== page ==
Police brutality, of course, is not just levelled at BlPoC, White people experience it too — all of it in need of swift and precise structural change as a response — but this type of institutionalised aggression disproportionately impacts non-White people. If you’re so concerned about police violence against White Americans, why aren’t you taking to the streets about it and demanding change? Why aren’t you joining the call for justice and making it happen for Black, Indigenous and People of Colour AND the White people you purport to care so much about? If you really cared about White deaths at the hands of the police — or anyone’s for that matter — then you’d never, ever use it as an argument to discredit the movement and do nothing.
I’ve been encouraged to see more people I personally know becoming increasingly engaged and supportive when it comes to unpicking the structural threads of White supremacy that stitch this country together — police brutality being one particular strand — but this engagement comes with responsibilities. It is our duty to amplify the voices of BIPoC by putting their words and calls to action before our feelings. Be cognizant of the fact that the Black, Indigenous and People of Colour who share information about racism are the ones on the forefront of being affected by it. It can be a deeply traumatic and exhausting experience to repeatedly try to educate so many well-meaning White people. If there is a way you can donate money to them for the education they provide, do it. If there is a way you can sign a petition and bring it to the attention of your friends, do it. If there is a documentary to watch or book to read, do it. If there is a BIPoC business to support, do it. If there is a local march to join, do it. Do whatever it is you can. There is no perfect way for us all to engage, you will get uncomfortable, you will get corrected, you will have to examine your own biases, but being open to all of this as you learn and work for racial justice will be worth it.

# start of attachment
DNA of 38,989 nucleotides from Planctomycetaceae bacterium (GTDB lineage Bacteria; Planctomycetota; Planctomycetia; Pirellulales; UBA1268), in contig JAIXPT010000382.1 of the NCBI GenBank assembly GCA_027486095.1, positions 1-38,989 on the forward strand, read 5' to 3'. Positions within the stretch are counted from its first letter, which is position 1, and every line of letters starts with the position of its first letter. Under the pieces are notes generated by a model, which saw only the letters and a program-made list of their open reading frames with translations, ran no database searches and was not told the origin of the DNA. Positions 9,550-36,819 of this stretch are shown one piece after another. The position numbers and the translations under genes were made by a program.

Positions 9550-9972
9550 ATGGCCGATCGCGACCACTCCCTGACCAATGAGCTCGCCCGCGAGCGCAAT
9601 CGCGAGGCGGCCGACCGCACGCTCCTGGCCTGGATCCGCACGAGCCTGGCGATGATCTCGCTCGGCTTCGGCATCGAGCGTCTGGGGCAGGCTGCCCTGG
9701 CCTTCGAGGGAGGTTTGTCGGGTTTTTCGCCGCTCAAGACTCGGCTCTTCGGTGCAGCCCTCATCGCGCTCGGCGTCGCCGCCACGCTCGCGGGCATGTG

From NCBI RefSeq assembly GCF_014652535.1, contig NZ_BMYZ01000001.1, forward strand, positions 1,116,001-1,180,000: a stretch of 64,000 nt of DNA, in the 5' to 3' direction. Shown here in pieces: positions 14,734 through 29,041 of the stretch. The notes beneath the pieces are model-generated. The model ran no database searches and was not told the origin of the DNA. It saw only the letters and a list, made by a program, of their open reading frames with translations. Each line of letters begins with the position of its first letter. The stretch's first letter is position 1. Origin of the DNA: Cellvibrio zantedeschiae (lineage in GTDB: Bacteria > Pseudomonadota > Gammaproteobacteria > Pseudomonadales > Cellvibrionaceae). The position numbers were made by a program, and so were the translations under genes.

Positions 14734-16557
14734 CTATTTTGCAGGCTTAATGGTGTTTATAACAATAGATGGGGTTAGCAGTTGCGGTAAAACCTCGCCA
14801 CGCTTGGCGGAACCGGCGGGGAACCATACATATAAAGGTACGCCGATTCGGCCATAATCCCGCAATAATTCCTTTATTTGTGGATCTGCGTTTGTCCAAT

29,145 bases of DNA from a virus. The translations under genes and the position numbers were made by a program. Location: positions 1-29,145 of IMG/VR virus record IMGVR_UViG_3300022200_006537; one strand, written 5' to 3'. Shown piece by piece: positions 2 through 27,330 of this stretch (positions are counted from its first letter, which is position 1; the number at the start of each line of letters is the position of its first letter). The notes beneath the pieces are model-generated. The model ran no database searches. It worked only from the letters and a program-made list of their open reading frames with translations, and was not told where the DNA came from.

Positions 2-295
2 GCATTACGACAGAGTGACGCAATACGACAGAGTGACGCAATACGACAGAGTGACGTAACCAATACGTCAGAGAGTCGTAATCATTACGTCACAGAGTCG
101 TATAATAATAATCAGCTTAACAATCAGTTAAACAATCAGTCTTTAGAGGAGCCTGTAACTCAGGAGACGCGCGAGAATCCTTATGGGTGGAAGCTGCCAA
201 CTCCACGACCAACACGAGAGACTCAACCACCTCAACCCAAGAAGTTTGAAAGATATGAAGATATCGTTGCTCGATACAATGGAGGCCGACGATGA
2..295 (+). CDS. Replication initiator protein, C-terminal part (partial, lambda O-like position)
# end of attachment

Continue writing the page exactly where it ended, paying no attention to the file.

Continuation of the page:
Ask any Mexican, any Puerto Rican, any black man, any poor person—ask the wretched how they fare in the halls of justice, and then you will know, not whether or not the country is just, but whether or not it has any love for justice, or any concept of it. It is certain, in any case, that ignorance, allied with power, is the most ferocious enemy justice can have. | No Name in the Street – James Baldwin